Fore sentence example

fore
  • Fore feet with five sub-equal toes, with compressed, slightly curved pointed claws.

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  • The hair in front is combed down over the fore.

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  • In North America Mylodon was accompanied by another gigantic species typifying the genus Megalonyx, in which the fore part of the skull was usually wide, and the third and fourth front toes carried claws.

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  • In the township there are several villages, including Weymouth, North Weymouth, East Weymouth and South Weymouth, and the smaller villages of Weymouth Centre, Weymouth Heights, Lovell's Corner, Nash's Corner and Old Spain, and there are also four islands, Round, Grape, Slate and Sheep. The mainland itself is largely a peninsula lying between the Weymouth Fore river and the Weymouth Back river, to the west and east respectively.

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  • Police regulations are very much to the fore and occupy no less than 72 clauses of the royal legislation.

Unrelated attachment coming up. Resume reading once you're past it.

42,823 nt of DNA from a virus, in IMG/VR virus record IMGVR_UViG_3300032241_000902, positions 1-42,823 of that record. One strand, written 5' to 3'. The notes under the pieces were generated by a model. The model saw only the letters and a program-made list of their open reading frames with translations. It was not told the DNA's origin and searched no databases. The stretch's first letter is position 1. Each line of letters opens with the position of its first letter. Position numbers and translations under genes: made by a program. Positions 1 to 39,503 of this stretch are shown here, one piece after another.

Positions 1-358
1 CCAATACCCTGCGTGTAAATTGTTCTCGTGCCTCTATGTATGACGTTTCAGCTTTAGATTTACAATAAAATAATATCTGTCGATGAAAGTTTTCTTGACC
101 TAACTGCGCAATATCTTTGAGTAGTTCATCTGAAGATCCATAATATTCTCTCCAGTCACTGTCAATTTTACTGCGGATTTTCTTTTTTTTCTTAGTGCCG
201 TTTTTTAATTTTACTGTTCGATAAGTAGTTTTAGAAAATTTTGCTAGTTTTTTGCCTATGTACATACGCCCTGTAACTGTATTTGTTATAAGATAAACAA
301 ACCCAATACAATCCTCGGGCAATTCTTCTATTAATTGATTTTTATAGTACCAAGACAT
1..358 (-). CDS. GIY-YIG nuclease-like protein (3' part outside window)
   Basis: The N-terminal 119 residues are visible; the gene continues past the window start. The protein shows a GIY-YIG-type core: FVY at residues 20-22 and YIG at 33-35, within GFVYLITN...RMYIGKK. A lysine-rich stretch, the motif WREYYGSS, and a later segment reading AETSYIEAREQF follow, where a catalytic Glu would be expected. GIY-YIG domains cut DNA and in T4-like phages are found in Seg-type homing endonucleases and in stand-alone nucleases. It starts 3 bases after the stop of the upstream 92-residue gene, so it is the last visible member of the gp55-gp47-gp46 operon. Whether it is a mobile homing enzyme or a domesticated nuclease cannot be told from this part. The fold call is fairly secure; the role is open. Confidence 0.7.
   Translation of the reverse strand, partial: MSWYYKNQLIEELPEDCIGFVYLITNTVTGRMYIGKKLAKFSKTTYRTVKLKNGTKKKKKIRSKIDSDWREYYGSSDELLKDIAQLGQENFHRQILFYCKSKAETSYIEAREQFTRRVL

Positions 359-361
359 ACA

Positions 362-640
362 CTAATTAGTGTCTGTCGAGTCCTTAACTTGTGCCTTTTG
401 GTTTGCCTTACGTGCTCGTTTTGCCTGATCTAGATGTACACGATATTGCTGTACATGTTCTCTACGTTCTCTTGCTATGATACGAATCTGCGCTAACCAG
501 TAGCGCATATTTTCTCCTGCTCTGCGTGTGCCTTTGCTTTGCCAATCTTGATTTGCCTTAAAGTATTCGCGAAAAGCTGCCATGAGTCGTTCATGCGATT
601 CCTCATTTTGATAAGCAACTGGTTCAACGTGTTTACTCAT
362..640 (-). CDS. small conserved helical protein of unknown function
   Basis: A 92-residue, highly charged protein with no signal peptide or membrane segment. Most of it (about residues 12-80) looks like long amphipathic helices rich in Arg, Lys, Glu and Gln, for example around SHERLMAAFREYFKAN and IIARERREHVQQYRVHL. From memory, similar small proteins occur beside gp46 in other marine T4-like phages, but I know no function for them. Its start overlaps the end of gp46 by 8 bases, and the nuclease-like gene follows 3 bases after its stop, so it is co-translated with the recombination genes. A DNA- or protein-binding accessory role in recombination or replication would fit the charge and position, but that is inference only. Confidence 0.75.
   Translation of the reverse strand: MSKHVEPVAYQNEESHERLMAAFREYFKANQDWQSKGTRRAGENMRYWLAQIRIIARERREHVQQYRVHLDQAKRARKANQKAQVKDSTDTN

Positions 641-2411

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  • The external similarity in the fore paddle and back fin of these three marine animals is absolute, although they are totally unrelated to each other, and have a totally different internal or skeletal structure.

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  • Its wings are short and weak; the fore pair are falcate, and the hind pair do not reach to the end of the body.

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  • The feet are small, each with five claws, those of the fore feet strongest, and fitted for scratching and digging.

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  • A horse tramway along Fore Street opened in 1881.

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  • Property restitution In 1996 the issue of property restitution also came to the fore in several European countries.

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  • In colour the sides of the face are puce, and the neck and most of the body purplish, but the buttocks and upper part of both fore and hind limbs are transversely barred with black and white, while their lower portion is mainly white with black fetlock-rings, and in the front pair a vertical black stripe on the anterior surface.